Enjoy Being More Decisive

Lesson number: 

Decision-making can cause knots in our stomach; keep us awake in the middle of the night; or cause us to break out in a cold sweat when it comes to signing on the dotted line. However, it surely doesn't have to be this way. In this lesson we will delve into the decision making process, in an effort to make decision making more enjoyable.

It's no secret that many leaders in the military, business, politics, sports or the medical profession thrive on making big decisions? Consider the football coach who must instantly decide whether to go for it on fourth and short, or punt in a critical situation with a couple minutes left on the clock in the fourth quarter. Or consider a surgeon who must make a life or death decision regarding an unforeseen development in the middle of a surgery? Both of these individuals thrive on making these critical decisions often.

History contains many memorable decisions that have changed the lives and destiny of the entire world. Presidents of countries always seem to be faced with making critical choices that effect millions of citizens, yet many of us often have a difficult time deciding on which fast food restaurant to eat at during our lunch break.

I believe that decisiveness comes easier with extensive knowledge, confidence and practice. The more experience we have about the subject we must decide on, and confidence we've gained through practice, tends to make the process of deciding a whole lot easier. The problem arises when there isn't enough time to gather all the facts and answers to our questions, because we are faced with a minutes or even seconds to decide. At these moments we must depend on our instincts and "gut" feelings to make a decision. In most cases those "gut" feelings are correct.

Remember, it is IMPOSSIBLE to remove the element of risk from life. No matter how much knowledge a person has, they are not all knowing. There will always be elements that he or she is unaware of. There will always be the possibility of the unexpected. So EVERY SINGLE decision is made with some element of risk. This unavoidable element of risk is what usually scares people. It seems easier to push the decision making on to someone else. Or better yet, it seems easier to just avoid making a decision. But doing so can carry just as much risk. If you push the decision on someone else, you run the chance of them making the wrong decision for you. If you avoid making a decision altogether, the world doesn't just stop for you; you run the risk of having your non-decision cause you and those you care about great harm.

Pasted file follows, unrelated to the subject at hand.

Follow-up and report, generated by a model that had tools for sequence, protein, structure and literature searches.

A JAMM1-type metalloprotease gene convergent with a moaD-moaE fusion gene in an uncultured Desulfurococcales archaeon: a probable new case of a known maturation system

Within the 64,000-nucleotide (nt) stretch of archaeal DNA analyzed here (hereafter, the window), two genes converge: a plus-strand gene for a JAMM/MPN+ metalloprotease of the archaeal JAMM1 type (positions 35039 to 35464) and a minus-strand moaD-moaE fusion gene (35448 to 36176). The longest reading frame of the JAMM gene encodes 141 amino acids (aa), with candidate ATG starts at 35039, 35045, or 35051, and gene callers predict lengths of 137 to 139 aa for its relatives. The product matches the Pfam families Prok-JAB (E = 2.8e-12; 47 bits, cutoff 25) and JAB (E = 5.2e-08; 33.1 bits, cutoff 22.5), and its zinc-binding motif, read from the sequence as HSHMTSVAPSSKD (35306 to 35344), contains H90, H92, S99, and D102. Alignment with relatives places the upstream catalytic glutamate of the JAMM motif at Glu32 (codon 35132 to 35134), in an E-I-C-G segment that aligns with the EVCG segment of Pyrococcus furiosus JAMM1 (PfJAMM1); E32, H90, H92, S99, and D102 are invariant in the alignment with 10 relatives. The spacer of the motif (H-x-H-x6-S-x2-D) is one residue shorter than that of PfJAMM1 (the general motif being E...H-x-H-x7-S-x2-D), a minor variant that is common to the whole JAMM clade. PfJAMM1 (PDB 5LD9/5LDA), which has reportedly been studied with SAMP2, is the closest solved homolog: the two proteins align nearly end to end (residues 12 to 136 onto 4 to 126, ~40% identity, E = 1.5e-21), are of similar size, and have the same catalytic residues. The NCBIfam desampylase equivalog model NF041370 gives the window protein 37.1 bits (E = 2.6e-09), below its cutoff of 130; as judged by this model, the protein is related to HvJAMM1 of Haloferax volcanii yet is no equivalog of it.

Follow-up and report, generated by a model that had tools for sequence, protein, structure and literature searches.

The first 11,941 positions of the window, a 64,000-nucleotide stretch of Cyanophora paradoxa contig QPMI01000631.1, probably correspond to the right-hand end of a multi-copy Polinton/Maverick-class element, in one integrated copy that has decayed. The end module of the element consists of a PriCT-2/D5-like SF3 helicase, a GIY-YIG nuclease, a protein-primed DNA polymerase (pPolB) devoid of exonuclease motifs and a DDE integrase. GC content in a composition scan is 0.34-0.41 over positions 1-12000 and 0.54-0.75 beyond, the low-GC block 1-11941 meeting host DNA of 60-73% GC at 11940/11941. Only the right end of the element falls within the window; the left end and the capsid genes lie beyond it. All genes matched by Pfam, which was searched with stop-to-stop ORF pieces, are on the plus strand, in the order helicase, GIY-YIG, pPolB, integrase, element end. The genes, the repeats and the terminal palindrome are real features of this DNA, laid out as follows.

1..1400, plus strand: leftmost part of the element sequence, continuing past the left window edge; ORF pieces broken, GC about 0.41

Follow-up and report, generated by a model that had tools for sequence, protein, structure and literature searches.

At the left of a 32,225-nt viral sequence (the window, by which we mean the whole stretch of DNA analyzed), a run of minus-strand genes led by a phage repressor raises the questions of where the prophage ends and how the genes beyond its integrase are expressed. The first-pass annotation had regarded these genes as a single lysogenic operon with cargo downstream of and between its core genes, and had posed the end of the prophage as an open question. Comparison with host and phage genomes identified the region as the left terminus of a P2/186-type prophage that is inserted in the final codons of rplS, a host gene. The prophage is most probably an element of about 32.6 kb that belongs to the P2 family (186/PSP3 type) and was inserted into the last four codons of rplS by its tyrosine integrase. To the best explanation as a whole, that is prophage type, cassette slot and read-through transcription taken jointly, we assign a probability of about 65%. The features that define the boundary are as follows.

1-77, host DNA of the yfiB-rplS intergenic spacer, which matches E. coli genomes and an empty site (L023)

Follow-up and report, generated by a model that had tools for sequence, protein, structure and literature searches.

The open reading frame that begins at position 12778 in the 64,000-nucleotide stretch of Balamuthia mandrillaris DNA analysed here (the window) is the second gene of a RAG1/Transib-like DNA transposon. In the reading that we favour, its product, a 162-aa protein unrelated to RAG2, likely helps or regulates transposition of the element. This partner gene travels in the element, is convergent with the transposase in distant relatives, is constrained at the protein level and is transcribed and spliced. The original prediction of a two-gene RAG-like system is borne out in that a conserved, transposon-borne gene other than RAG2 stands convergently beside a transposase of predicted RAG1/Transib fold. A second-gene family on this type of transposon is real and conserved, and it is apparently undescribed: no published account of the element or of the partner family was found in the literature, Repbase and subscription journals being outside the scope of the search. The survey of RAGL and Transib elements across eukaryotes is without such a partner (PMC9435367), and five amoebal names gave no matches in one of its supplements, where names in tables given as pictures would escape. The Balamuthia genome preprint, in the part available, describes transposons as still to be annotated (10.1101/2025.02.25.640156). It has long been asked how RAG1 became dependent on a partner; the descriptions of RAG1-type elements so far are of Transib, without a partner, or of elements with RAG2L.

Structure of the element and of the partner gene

Since you cannot avoid risk in this world, it means that sooner or later, you HAVE TO experience failures and disappointments from the decisions you make. So how shall we live if this is the setup? My suggestion to you is to make decisions and don't shy away from them. It will build your confidence to be decisive. The danger occurs when we second guess ourselves, get confused, and have to deal with conflicting emotions.

Substitute knowledge and confidence in the place of fear and procrastination. Take the energy you will waste on fear and devote it toward being more knowledgeable. Make it a practice never to procrastinate and wait to be pushed to the wall to make a decision. Practice the skill of decision-making often and look forward to decisions as a positive factor in your life that can be enjoyable. When you procrastinate, you create emotional baggage for yourself. Just make the best decision possible, using the best knowledge you can gather – and MAKE THAT DECISION! And always be prepared to deal with the results.

As a parent, employer, or manager, you should empower those around you to make their own decisions. You can only grow if those around you grow as well. The best decision makers are those that surround themselves with others who make their own decisions.

Teams never function well if the leader is indecisive. Members of a team lose respect for a leader very quickly if the leader is always flip-flopping. The whole team also suffers if any of the members are indecisive as well. The team's momentum moves forward only when everyone can decide and then deal with the consequences.

Become a good decision maker by being knowledgeable and confident in your decisions. Practice deciding often. Take full responsibility for your decisions. Realize that you will succeed and you will fail. But no matter what the result, you will always move forward. We can't expect to make the right decision all the time, but making no decision is always the worst decision of all.